“Then we considered the demographics of these urban areas in terms of square kilometers and population density. This gave us four distinct ‘city archetypes’. One is Singapore, which only has a small area compared to the number of people living there and therefore a very high population density. And on the other hand, we have cities like LA, which is huge but has a relatively low population density. 

“Based on these four archetypes, we looked at these cities and asked where you might be able to put vertiports or a landing site. We also analysed how many people commute to work in the city centre every day plus how many passengers arrive at and depart from each city’s airport, to get an idea of traffic flows.

“And then we did a simulation to estimate how many people would use Urban Air Mobility, given how this type of mobility can reduce travel time compared to other city transportation systems. We also factored in GDP effects and how open each city is to new technologies and innovations.” 

MH: “In my view, Urban Air Mobility is going to be a city-by-city or project-by-project kind of topic. In each individual city, you have to ask how it would interlink with other transportation systems, because that is essential for the whole thing to work. There is no one-size-fits-all solution: It is always going to vary from one region to another.” 

Roland Berger has also predicted the growth of commercial air taxis, with 5,000 in 2030 and the number increasing rapidly into 2040 and 2050. Credit: Roland Berger.

Q: What has Roland Berger got planned for 2021 and the next couple of years as Urban Air Mobility starts to gather more momentum? 

SB: “Now that Urban Air Mobility has been widely understood, I think most companies are looking at which parts of the UAM ecosystem – which links in the value chain – will be the most attractive and the most profitable for them. 

“Following this logic, our next study might analyse the entire Urban Air Mobility value chain. That would help companies identify which aspects are the most interesting to them – which ones they want to explore on their own and which they want to tackle together with partners.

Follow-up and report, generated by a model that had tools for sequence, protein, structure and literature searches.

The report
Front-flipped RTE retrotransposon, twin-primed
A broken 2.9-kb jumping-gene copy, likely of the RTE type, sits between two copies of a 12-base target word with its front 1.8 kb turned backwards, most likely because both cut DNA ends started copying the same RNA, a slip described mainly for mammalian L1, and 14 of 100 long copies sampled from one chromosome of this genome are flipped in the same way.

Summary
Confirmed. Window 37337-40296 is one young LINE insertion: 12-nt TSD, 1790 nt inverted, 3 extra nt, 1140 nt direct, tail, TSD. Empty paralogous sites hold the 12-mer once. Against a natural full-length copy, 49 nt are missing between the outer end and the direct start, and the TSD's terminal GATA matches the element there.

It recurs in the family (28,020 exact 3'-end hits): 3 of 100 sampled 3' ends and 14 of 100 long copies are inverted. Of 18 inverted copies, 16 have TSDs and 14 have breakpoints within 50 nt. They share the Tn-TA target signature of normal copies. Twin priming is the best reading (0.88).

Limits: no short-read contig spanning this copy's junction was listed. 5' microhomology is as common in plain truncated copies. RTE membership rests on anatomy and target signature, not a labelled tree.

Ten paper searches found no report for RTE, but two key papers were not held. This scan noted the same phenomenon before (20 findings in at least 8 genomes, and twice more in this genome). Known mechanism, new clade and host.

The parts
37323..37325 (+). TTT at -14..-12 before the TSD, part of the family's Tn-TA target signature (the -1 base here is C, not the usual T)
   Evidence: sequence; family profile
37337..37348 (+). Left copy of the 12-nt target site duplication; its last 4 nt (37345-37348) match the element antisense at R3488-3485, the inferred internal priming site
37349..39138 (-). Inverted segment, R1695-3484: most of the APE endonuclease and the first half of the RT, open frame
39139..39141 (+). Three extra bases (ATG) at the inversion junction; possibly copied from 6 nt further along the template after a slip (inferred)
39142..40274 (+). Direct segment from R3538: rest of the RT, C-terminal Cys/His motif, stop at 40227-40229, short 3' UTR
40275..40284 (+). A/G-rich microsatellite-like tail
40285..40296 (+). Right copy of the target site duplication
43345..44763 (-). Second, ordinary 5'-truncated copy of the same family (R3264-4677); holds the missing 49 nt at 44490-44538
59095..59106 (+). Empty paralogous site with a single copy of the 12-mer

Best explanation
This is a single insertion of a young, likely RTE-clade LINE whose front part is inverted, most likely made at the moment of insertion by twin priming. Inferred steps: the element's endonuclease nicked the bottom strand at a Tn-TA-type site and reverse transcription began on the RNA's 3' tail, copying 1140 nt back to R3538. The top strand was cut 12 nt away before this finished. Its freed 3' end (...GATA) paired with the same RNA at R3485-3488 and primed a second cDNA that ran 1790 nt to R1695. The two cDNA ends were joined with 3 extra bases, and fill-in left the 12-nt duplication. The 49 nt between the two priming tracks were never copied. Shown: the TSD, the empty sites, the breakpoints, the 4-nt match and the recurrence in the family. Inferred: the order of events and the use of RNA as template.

“Another interesting topic, of course, is how public acceptance will develop over time. So we could also go deeper into the kind of roadmap that is needed and what steps must be taken to get the public on board.” 

eVTOL Insights: “I fully agree, Stephan. We’re really keen to get this study out to the public so companies can share the findings with those who might not yet be aware of Urban Air Mobility.

MH: “That’s the point. This study and the feedback we’ve already received shows one thing very clearly: Urban Air Mobility is a topic that is here to stay. That is why companies from aerospace OEMs to automakers, suppliers and infrastructure companies are showing an interest. 

“Everyone is trying to make up their mind about what the right topic for them is and to what extent they should be personally involved. Like Stephan said, companies are trying to understand the outlook for those links in the value chain that they want to approach. 

“That’s kind of what we expect to see in the next 12-18 months, and so that’s the kind of topic we will be working on.” 

Q: Anything else you’d like to add that we’ve not covered? 

SB: “From my perspective, one of the most important things for companies that are considering going into Urban Air Mobility is this: Once they’ve made up their mind about what they see as the most promising parts of the value chain for them, they need to think about how to get where they want to go. Can they do that organically, with their own resources, or do they need partners? 

“Next, what business model do they want to pursue to get into these spaces? And how might this model need to evolve over time so they can achieve their goal. These will be the most important things going forward.” 

MH: “These are exactly the questions we are being asked: where should we get involved, what are the business models and how can partnerships provide support. We’re talking about established firms competing in an ecosystem that does not yet exist.

“So it should be obvious to every observer that going it alone is not an option. eVTOL manufacturers might, for example, say to themselves: ‘If I want to come up with a solution for my clients, my competencies alone will not be enough, so we will need to team up with others such as vertiport operators or ticket distributors’. It’s going to be interesting to see who does what with whom.”